My server uses gevent.pywsgi. It works fine. However, every other few days the server will stop responding to requests. It says “Too many open files” in the logs.
lsof is showing that there are many socket connections opened by pywsgi even when those sessions are completed. This FD (File Descriptor) leak probably causes the process to reach the
ulimit -n per-process number of open files limit.
HTTP 1.1 is used and Keep-Alive (a.k.a HTTP persistent connection) is by default on. Our app clients are not smart enough (and we should never assume they are) that they never send
Connection: close. And on the server side, gevent.pywsgi does not implement any server-side keep-alive timeout. Therefore, if the client does not actively send a
Connection: close, the socket on the server side will keep open forever. That is obviously a bug (a.k.a ‘undocumented feature’).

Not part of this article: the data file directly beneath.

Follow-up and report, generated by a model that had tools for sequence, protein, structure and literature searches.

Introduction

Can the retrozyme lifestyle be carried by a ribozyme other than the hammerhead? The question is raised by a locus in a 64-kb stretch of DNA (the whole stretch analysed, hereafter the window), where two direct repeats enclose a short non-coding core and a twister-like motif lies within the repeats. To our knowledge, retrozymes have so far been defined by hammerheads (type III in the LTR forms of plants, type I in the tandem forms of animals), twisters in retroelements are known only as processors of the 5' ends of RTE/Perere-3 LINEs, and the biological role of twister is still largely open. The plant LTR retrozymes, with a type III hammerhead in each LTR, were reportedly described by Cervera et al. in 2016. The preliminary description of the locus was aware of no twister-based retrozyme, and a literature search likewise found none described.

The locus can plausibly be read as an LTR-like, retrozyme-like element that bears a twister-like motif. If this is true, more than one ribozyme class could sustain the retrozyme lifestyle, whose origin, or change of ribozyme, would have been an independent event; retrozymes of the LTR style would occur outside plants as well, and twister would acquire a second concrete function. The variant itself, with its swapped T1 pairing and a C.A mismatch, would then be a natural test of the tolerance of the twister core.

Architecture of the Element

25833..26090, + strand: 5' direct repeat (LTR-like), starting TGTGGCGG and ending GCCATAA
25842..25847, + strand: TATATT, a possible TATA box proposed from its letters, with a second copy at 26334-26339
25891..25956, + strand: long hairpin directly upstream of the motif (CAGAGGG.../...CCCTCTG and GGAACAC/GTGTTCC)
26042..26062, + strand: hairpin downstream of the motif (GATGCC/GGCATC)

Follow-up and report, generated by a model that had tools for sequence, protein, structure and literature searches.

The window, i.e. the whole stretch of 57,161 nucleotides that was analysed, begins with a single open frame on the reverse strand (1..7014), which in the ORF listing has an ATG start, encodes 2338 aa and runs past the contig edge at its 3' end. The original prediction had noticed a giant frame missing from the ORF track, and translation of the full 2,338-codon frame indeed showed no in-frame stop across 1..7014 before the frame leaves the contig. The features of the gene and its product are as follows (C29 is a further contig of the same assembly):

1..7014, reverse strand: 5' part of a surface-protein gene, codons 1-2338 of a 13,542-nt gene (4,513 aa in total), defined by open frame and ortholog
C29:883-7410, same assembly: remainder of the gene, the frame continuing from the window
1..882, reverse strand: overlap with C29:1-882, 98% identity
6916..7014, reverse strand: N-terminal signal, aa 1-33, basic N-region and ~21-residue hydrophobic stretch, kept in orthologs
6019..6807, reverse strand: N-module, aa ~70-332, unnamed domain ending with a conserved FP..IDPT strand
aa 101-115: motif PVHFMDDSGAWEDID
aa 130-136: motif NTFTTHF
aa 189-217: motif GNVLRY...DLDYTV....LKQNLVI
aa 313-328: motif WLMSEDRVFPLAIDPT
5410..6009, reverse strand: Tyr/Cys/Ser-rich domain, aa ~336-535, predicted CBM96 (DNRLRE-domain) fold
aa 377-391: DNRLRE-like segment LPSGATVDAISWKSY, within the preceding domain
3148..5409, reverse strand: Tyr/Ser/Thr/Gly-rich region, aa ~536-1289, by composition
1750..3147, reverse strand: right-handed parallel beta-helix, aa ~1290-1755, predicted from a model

In the gevent doc, it says:
This method runs a request handling loop, calling handle_one_request() until all requests on the connection have been handled (that is, it implements keep-alive).
The truth is, its implementation of
keep-alive is not good enough.
The solution is found inside gevent’s GitHub issue. The code looks like this:
class MyHandler(WSGIHandler): def handle(self): timeout = gevent.Timeout.start_new(my_timeout) try: WSGIHandler.handle(self) except gevent.Timeout as ex: if ex is timeout: # We timed out, take appropriate action. # NOTE: The socket is already closed at this point pass else: raise
It simply works.
The better solution, imo, and stated in the GitHub issue, is to have a proper reverse proxy server (e.g. nginx, HAProxy) in front of the WSGI server such that they will close the connections for you.
Other than better management of persistent connections, a reverse proxy server can also perform SSL termination, load balancing, buffering, etc. Lots of good stuff. You should always have one of these.